Trees have been around for a long time, much longer than anything even resembling man. It’s estimated that the first trees started to grow around 385 million years ago, during the Devonian period, when life was abundant in the seas but just beginning on land. While no trees are left from that long ago, the oldest trees in America have seen centuries go by and are older than you may realize.
Here are some of the oldest trees in America, some still growing and some not so much.
Methuselah, the Great Basin Bristlecone Pine
Located on the White Mountains of California, Methuselah stands tall in the forest. This Great Basin bristlecone pine is estimated to be 5,066 years old and is officially the oldest non-clonal tree in the U.S. and the oldest known individual tree in the world. To protect this ancient living pine, the U.S. Forest Service keeps its location a secret. Great Basin bristlecone pine trees grow up to 49 feet tall and often have a gnarled and stunted look. In the Ancient Bristlecone Pine Forest in California, the wood of these trees stay strong long after the trees die, and 7,000-year dead wood can still be seen standing next to live trees.
The Senator, the Pond Cypress
Located in Longwood, Florida, the Senator was the oldest pond cypress tree in the U.S. The tree was 3,500 years old and 118 feet tall and was found in Big Tree Park. Sadly, in January of 2012, the tree was burned to the ground in an act of vandalism. And while the Senator is no longer there, his counterpart, Lady Liberty, still endures. About 40 feet from where the Senator stood proud for over three centuries, the 2,000-year-old bald cypress stands 82 feet tall and is gaining in recognition, as it’s the last of the giants in Big Tree Park. Extra precautions are taken to protect Lady Liberty. While there are more ancient trees in the park, on average, most of them are believed to have around a 1,000-year lifespan.
Pando, the Colony of Quaking Aspens
Both Methuselah and the Senator are individual trees, single beings in a great forest. But Pando is different. Pando is a colony of quaking aspens located in Utah and is one of the oldest living organisms on Earth. Made up of around 47,000 trees, this colony of trees all share one giant root system, which is estimated to have been living for 80,000 years, making them about the same age as the first cave etchings done by early man. Pando covers 106 acres and is the heaviest known living thing. Sadly, it’s thought to be slowly dying. The individual trees in the Pando colony average about 130 years in age and the trees can grow up to 82 feet tall. They are recognized by their smooth, light bark with dark slashes.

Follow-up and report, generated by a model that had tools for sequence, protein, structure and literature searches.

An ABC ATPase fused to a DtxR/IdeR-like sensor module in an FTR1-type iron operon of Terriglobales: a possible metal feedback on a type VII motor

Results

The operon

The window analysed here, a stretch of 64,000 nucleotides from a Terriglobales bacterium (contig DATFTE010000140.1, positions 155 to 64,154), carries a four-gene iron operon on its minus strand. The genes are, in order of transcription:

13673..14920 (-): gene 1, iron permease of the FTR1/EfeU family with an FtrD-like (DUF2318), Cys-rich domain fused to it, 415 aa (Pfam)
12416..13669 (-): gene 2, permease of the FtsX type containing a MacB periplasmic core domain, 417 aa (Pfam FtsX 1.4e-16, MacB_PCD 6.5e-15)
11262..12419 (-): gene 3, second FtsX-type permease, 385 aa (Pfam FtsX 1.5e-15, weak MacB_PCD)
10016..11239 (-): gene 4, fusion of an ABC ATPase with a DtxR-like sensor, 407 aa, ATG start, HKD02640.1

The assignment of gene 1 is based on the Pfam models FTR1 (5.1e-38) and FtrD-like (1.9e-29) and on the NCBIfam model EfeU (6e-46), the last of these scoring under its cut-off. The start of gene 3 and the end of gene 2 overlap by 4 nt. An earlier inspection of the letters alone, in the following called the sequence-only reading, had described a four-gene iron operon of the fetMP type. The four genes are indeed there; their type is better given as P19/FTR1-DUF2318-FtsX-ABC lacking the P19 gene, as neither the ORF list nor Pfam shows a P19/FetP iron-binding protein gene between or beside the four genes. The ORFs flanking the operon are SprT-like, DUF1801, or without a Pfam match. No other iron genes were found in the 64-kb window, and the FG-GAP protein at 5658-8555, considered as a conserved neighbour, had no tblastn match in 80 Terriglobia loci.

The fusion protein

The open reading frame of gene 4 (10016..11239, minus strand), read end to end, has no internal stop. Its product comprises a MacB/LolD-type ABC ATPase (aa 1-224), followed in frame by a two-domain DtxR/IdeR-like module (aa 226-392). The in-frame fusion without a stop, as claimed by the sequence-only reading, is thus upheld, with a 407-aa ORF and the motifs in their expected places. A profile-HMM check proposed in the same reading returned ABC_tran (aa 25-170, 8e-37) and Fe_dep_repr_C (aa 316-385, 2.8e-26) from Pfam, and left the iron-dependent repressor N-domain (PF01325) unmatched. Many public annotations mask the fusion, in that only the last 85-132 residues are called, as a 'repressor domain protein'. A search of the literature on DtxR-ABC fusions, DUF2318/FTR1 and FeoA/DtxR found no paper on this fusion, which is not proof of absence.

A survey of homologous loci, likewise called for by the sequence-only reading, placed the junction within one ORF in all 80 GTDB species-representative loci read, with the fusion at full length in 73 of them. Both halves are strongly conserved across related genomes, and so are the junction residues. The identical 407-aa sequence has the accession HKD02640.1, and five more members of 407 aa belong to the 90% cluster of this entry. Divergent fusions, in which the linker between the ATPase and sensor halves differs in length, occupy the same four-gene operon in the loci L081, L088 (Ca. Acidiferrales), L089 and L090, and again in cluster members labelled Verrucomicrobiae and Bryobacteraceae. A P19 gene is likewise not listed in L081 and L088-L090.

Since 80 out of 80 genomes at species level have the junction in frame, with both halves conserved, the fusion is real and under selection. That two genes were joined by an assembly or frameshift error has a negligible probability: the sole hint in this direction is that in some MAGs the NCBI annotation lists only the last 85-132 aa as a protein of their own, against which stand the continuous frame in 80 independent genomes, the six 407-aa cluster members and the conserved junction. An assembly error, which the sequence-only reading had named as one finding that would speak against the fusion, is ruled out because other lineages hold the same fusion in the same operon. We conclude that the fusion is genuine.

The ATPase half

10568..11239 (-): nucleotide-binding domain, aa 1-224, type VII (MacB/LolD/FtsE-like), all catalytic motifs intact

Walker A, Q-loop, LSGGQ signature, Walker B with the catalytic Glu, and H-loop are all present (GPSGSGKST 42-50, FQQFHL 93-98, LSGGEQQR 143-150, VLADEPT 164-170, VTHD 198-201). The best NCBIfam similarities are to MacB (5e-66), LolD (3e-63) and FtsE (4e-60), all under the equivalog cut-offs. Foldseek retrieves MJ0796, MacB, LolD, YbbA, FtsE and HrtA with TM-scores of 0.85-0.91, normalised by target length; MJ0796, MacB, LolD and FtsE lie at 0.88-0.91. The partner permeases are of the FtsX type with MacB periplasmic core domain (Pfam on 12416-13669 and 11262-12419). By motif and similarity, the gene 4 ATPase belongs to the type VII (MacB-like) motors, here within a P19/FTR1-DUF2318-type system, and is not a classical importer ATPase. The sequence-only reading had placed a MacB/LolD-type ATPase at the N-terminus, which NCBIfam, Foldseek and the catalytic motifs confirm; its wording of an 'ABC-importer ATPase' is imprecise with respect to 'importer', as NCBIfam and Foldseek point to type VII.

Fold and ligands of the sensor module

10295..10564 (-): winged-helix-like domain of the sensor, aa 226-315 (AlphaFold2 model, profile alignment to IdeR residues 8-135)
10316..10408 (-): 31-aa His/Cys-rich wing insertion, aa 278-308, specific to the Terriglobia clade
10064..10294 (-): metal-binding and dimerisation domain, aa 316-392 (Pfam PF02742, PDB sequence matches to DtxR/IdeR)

The President, a Giant Sequoia
Located in the Sierra Nevada in California, the President is a 3,200 year old giant sequoia, also known as a giant redwood. The President stands 247 feet tall but doesn’t hold the record for the tallest sequoia, nor the widest at its 27 feet, but it is the third largest tree in the world. The President can be found in Giant Forest within the Sequoia National Park, a 1,880-acre forest that holds five of the ten biggest trees on Earth. The giant sequoias naturally occur only on the western slopes of the Sierra Nevada Mountains and on average grow between 164 and 279 feet tall with a diameter of 20 to 26 feet.
The Jurupa Oak, a Colony of Palmer’s Oak
Another clonal colony of ancient trees, the Jurupa Oak is located in Riverside County, California. This colony of Palmer’s oak trees has a root system that is estimated to be 13,000 years old. It has survived by mass reproduction from the same root system after wildfires. To give an understanding of its age, 1,300 years ago was when man first started domesticating pigs and sheep. The Palmer’s oak is a small tree that typically grows to about 10 feet, although it can reach up to 20 feet tall.
Next time you’re strolling through the woods, take a moment and look around. Chances are you’re surrounded by living things that are older than you. And if you’re in an area where the ancients still live and grow, you may be able to touch something that was alive when the pyramids were being built.
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